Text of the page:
Anderson Quirino, Vertiv Latin America Sales Team Leader, stresses the importance of colocation data centers to the Latin America region. “It is essential that, in 2021, these centers advance in terms of availability, connectivity and energy efficiency,” he says.
Digital Transformation is a factor that drives the economy of Latin America and colocation data centers are fundamental elements in this strategy, with a direct effect on regional GDP.
According to a study published in 2020 by IDC Latin America, 40% of the region’s GDP will consist of digital businesses by 2022. This will require IT spending of up to US$460 billion. Of this total, 35% will be invested in cloud computing solutions.
A study by the research institute, Aritzon, also conducted in 2020, corroborates this trend. The company points out that, by 2026, the data center market in Latin America will reach US$780,000 million.
Where there are digital businesses, there are also colocation data centers, the most prosperous segment in the critical digital infrastructure space. According to Data Center Map, there are more than 150 colocation data centers in operation today, from Mexico to the southern region of South America.
A data center that offers colocation services offers its clients an exclusive space with all the infrastructure to receive the hosting racks with servers, routers and others from the user company. This infrastructure includes energy solutions, thermal systems and environmental monitoring software, which are vital technologies for the continuity of data center operations.
Hyperscale sites reach Chile, Colombia and Mexico
Hyperscale data centers operated on the colocation model host the largest cloud providers on the planet. The demand for space in these data centers is such that, in some cases, it requires the construction of huge works of approximately 5,000 square meters.
According to AFCOM, the American Association of Data Center Professionals, these are large, hyperscale data centers. Mega sites are up to 22,000 square meters. In Latin America, the expansion movement of hyperscale colocation data centers began in Brazil and, throughout 2020, progressed towards Chile, Colombia and Argentina, and continues with the construction of units in other Latin American countries, such as Mexico.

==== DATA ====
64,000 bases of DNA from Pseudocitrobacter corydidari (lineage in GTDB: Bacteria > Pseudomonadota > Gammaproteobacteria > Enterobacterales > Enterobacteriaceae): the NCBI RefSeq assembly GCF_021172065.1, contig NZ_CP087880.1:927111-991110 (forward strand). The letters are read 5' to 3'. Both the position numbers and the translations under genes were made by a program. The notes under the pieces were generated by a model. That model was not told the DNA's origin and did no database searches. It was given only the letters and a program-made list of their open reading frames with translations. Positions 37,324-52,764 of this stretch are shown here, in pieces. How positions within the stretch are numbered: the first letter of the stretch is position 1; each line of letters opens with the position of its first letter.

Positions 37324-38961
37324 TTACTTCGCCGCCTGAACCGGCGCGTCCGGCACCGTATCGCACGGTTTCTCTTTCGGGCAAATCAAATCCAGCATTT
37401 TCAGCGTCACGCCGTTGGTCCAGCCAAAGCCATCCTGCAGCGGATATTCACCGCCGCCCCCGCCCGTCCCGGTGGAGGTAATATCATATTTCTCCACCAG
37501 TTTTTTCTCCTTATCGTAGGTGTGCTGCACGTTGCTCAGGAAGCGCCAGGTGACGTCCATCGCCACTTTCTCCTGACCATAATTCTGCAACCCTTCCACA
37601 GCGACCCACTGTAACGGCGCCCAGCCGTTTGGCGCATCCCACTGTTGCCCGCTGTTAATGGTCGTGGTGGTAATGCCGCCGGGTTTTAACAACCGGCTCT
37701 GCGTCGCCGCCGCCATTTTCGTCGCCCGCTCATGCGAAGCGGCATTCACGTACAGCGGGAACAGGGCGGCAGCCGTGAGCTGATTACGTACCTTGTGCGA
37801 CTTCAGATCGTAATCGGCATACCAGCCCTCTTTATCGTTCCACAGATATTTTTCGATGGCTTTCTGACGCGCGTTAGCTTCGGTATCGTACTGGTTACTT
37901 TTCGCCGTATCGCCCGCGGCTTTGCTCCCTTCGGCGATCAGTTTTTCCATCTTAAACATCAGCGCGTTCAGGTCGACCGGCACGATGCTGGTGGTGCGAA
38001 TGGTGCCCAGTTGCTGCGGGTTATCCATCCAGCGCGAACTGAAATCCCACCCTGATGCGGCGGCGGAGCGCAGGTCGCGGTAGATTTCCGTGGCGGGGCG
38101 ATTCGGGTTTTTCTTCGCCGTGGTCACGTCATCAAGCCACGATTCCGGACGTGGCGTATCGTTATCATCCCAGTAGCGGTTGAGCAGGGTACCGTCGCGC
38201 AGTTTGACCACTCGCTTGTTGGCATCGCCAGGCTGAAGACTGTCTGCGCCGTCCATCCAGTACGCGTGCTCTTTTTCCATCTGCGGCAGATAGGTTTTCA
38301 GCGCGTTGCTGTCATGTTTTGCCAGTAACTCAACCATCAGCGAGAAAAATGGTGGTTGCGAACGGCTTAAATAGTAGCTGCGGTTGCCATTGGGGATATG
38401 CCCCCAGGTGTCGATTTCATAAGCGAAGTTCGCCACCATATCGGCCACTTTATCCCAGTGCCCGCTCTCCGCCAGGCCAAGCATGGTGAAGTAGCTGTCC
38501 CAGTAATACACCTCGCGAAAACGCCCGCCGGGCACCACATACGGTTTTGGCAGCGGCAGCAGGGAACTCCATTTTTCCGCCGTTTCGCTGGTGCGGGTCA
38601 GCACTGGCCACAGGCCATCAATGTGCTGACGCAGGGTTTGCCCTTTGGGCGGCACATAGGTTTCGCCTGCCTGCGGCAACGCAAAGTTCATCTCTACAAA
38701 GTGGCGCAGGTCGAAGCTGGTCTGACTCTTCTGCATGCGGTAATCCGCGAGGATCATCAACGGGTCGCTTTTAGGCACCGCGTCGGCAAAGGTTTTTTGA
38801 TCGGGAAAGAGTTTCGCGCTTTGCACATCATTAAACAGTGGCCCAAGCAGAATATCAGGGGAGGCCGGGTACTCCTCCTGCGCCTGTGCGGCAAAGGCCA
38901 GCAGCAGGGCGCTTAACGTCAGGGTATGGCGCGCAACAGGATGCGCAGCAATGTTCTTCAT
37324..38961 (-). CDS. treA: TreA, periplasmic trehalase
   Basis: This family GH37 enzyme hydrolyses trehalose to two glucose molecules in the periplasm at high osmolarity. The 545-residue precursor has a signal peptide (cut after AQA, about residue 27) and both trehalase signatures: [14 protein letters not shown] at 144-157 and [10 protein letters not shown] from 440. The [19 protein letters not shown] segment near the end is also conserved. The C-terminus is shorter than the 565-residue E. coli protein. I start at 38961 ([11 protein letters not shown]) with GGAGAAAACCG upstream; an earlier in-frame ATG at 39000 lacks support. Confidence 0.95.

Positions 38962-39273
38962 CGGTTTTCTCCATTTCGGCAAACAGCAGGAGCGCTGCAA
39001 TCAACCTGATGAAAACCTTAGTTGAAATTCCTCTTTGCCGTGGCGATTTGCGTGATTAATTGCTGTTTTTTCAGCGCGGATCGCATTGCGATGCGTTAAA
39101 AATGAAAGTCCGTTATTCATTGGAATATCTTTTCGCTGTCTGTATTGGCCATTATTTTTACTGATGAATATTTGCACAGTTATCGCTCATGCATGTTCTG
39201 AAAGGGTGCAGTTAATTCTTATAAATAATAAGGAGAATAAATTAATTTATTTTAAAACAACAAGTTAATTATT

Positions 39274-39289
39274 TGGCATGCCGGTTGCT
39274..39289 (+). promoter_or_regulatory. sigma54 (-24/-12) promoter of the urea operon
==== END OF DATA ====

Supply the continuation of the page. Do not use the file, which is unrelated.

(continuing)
Many data centers are owned by large companies that want to ensure the consistency of their infrastructure throughout Latin America. These service providers are certified as Tier IV or Tier III.
Uptime Institute certifications are the standard for the global data center project, construction and operation market. Tier levels are tailored to business needs, with higher levels required by the infrastructure to provide greater redundancy and fault tolerance. Maintaining these seals requires excellent and on-going management, regardless of where the hyperscale colocation data center is located.
The demand for homogeneous and high availability processes by the Latin American data center industry is leading the large colocation sites in the region to require a regional, and not a local, perspective from their suppliers in relation to their critical infrastructure.
The rate of expansion of this type of work is so rapid that some suppliers are remodeling their internal processes to fully perform as a customer-centric company. In this model, all internal teams – engineering, projects, logistics, services, finance and human resources – have a single focus: anticipating and solving the current and future needs of colocation data centers, an ever-evolving environment.
ISPs and telecom operators are also competing for this market